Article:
Orchard Notes: November 2021

Table of Contents

2022 PMC and CPB Elections

Fall Orchard Considerations

Three Steps to Combat Cytospora Canker

Prune Orchard Investments in a Better Market Year

Upcoming Events

CPB & PMC Election 2022 is coming soon!

Eligible independent growers, watch your email and your postal mailbox for information on nomination meetings and election details! If you don’t receive information and think you should, please contact Becky at bpoland@californiaprunes.org.

Fall Prune Orchard Management Considerations

Clarissa Reyes, North Sacramento Valley Orchard System Staff Research Associate

Prune to remove Cytospora and to manage next year’s crop:

  • Remove existing cytospora cankers and spore sources by cutting branches several inches to a foot below the symptoms and burn prunings (if permitted).
  • Consider your management goals: topping young vigorous trees before a big wind can reduce the risk of blow-over, while long pruning can increase early yields in young prune plantings.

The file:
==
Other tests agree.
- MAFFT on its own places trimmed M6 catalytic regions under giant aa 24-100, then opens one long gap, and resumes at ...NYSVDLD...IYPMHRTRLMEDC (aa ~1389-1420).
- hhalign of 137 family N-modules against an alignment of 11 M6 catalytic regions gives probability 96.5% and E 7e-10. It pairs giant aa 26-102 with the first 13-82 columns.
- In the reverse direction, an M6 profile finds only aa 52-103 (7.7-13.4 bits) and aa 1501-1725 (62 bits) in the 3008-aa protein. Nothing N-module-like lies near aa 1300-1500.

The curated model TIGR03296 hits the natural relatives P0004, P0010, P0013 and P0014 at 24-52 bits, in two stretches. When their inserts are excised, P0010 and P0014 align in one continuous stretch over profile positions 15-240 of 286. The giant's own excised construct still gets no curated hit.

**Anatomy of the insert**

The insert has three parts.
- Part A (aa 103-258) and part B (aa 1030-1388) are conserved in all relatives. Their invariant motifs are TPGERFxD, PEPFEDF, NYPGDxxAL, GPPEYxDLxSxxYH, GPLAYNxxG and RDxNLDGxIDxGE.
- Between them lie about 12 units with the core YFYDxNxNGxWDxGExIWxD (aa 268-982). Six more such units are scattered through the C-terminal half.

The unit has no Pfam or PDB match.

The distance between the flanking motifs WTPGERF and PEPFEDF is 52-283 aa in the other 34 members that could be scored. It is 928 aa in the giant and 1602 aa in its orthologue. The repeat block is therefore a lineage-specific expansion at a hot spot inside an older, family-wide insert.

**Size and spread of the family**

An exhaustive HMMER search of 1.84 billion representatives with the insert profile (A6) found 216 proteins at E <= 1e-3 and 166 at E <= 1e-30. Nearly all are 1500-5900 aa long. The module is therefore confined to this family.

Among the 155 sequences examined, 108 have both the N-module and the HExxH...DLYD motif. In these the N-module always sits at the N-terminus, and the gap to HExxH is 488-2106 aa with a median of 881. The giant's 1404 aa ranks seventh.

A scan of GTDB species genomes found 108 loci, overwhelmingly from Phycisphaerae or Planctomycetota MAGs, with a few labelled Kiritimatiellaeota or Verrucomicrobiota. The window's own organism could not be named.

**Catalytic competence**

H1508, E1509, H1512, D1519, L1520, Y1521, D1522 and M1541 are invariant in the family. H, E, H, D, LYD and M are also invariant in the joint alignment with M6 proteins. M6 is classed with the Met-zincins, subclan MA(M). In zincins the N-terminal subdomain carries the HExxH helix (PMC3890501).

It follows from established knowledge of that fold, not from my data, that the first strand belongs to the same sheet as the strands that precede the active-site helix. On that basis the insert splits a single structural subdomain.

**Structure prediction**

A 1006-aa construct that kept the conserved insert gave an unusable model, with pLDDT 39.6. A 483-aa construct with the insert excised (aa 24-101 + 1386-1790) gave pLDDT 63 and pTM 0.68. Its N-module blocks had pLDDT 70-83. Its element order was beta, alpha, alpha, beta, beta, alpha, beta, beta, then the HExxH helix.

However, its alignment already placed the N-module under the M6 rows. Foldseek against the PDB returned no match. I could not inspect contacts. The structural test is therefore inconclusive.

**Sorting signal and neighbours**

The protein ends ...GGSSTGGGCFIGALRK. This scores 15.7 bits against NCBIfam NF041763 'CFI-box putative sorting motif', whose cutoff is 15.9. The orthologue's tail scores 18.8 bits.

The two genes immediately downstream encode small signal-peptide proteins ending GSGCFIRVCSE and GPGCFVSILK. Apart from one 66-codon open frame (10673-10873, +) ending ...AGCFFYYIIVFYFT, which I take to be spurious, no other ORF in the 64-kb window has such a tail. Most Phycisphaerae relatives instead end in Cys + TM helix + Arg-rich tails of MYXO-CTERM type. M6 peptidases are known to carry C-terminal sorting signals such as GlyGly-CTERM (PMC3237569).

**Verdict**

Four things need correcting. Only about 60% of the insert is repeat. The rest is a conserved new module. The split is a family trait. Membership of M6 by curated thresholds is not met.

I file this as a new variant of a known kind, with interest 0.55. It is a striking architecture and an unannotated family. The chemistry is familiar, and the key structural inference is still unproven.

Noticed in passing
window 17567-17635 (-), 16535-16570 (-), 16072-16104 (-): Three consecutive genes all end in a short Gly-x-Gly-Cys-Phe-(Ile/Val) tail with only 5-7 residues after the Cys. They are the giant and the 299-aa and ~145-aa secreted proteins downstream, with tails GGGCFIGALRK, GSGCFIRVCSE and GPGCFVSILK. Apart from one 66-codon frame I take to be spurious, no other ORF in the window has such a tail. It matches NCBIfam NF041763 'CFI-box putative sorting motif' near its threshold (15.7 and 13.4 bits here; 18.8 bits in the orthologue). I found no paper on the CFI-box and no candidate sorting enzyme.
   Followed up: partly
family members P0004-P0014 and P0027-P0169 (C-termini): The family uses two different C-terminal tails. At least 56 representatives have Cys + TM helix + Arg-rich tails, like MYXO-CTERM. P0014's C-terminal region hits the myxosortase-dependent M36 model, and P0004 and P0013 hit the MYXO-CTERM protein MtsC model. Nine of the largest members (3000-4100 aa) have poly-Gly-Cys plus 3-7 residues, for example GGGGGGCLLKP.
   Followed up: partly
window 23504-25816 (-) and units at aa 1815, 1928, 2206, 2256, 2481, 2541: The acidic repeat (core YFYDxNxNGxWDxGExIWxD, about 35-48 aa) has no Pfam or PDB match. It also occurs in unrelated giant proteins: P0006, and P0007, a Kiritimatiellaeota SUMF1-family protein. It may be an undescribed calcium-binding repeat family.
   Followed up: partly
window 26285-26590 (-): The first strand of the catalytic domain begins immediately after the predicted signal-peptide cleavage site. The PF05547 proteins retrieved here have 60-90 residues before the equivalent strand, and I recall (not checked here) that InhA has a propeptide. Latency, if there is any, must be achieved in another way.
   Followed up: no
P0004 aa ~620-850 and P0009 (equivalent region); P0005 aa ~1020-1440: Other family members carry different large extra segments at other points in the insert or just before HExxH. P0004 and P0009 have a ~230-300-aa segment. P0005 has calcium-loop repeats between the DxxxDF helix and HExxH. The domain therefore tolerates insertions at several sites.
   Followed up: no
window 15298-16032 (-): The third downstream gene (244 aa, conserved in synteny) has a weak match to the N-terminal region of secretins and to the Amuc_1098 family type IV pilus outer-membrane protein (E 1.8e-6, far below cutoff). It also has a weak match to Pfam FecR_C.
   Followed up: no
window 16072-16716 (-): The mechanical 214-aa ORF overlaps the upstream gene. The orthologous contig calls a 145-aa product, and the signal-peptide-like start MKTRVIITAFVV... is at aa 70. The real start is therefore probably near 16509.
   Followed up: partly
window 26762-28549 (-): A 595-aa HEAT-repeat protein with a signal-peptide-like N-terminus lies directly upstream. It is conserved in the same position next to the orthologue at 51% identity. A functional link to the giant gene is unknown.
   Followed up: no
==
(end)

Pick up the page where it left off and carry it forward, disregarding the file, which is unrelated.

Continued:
• Prune early in the fall to allow cuts to harden off before seasonal rains. Protect fresh wounds from water-borne spores with a fungicide spray (Topsin-M® or Topsin-M® + Rally®).

Sanitize your orchard by removing fruit mummies and blighted shoots to remove disease inoculum. Remove bark damaged during harvest, and backhoe out diseased or dead trees to prepare for replants.

Irrigate to maintain mild to moderate water stress post-harvest. Stem water potential should be between -12 and -16 bars as measured by a pressure chamber. Avoid high water stress levels as Cytospora spreads faster in stressed trees compared to adequately watered trees.

Take soil samples to check soil salinity and toxic salt (chloride, sodium, and/or boron) levels going into what could be a dry winter. This is especially important for newer orchards on Krymsk 86 rootstock, which is more sensitive to chloride than Marianna or Myro. UC ANR provides a free video series on soil sampling.

Band potassium (K) in the soil, based on July leaf sample results, visual symptoms, and the amount of fruit harvested this year.

Apply foliar zinc (Zn) to correct zinc deficiency (July leaf sample <18ppm). Spraying 20 lbs/acre of 36% zinc sulfate as natural leaf drop begins in late October can deliver needed zinc into the tree and, in addition, can facilitate leaf drop, reducing the risk of blow over and/or disrupting aphid reproduction.